LONDON — There is no doubt that the literacy rate in South Africa is shocking. Dr Anthea Jeffery from the Institute for Race Relations thinks a solution to the appalling state of education may be “tax-funded schooling vouchers” to enable kids of all backgrounds to attend independent schools. She sees this as good substitute for BEE. And who will be paying for these subsidies you may wonder? The IRR proposes that businesses would earn EED points for topping up the vouchers of the poorest households. The proposal raises other questions as to whether you would effectively be privatising schooling in the country and why the money raised could not be used to improve the present state schooling system? In the United Kingdom most private schools are registered as charities, they are not profit making entities, which means they do not have to pay tax. They are also “encouraged” to tutor some of the more able state school pupils especially in subjects not offered in state and independent schools have to make their sports and other facilities available to state schools. Partnering private schools with state schools may be a more viable alternative. -Linda van Tilburg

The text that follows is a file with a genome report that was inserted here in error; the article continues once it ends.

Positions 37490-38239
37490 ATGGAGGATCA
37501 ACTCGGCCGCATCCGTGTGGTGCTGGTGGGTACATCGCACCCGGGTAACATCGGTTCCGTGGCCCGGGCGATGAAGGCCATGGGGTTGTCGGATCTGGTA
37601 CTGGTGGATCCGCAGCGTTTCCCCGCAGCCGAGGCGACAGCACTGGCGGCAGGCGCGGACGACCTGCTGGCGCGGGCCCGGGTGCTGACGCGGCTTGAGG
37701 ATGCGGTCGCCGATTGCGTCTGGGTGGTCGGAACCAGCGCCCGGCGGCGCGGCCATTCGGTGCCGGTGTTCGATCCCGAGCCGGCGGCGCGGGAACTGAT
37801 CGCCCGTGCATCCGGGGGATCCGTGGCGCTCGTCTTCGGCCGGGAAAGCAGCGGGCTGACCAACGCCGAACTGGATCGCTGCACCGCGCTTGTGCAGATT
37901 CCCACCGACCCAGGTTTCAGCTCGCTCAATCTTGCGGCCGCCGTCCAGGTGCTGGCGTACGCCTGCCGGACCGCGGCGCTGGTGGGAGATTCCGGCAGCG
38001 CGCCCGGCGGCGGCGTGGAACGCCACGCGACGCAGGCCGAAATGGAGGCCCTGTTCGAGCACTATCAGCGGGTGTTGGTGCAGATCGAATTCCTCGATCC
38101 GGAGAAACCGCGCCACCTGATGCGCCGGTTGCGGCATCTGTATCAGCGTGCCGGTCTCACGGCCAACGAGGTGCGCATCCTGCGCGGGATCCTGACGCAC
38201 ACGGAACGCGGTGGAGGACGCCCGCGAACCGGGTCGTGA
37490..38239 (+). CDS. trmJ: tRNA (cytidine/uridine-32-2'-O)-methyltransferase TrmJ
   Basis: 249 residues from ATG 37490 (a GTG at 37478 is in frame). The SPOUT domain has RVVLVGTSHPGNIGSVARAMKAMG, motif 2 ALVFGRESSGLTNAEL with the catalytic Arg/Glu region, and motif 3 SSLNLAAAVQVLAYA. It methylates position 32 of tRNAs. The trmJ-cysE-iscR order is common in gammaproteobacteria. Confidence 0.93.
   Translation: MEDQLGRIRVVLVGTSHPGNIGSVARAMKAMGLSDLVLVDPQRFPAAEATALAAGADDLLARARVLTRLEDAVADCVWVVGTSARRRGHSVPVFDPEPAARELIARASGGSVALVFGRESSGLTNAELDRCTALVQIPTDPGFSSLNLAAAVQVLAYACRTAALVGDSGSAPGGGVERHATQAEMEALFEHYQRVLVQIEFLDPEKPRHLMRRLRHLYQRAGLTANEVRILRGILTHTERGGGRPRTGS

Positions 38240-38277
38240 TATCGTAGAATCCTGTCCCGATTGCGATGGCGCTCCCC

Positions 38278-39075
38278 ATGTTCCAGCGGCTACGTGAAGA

By Anthea Jeffery*
Sound schooling is the foundation for upward mobility, which is why last week’s budget allocated some R263bn to basic education. This is roughly 68% of total spending on education, which rises to R386bn in this financial year and makes up a hefty 7% of GDP. Yet the country is once again unlikely to get much bang for its extensive schooling buck.
Pupils have little chance of doing well at school – let alone gaining useful qualifications at universities or TVET colleges – when 78% of South Africa’s Grade 4 pupils cannot read for meaning in any language, and 61% of Grade 5 pupils are unable to add and subtract whole numbers.
With so many public schools failing to impart the basics of reading, writing and ’rithmetic, many parents are voting with their children’s feet by sending them to independent schools. The number of independent schools has doubled since 2000 and now stands at some 1,995, many of which offer relatively low-cost options.
Spark Schools, for instance, which charges R23,000 a year for primary school and R30,000 a year for high school, has recently expanded into Protea Glen in Soweto. Children in the area, who used to spend long hours travelling to independent schools in distant suburbs, are now spared the exhaustion of this daily commute. Parents save on travel costs, and applaud the fact that high-quality schooling is now locally available.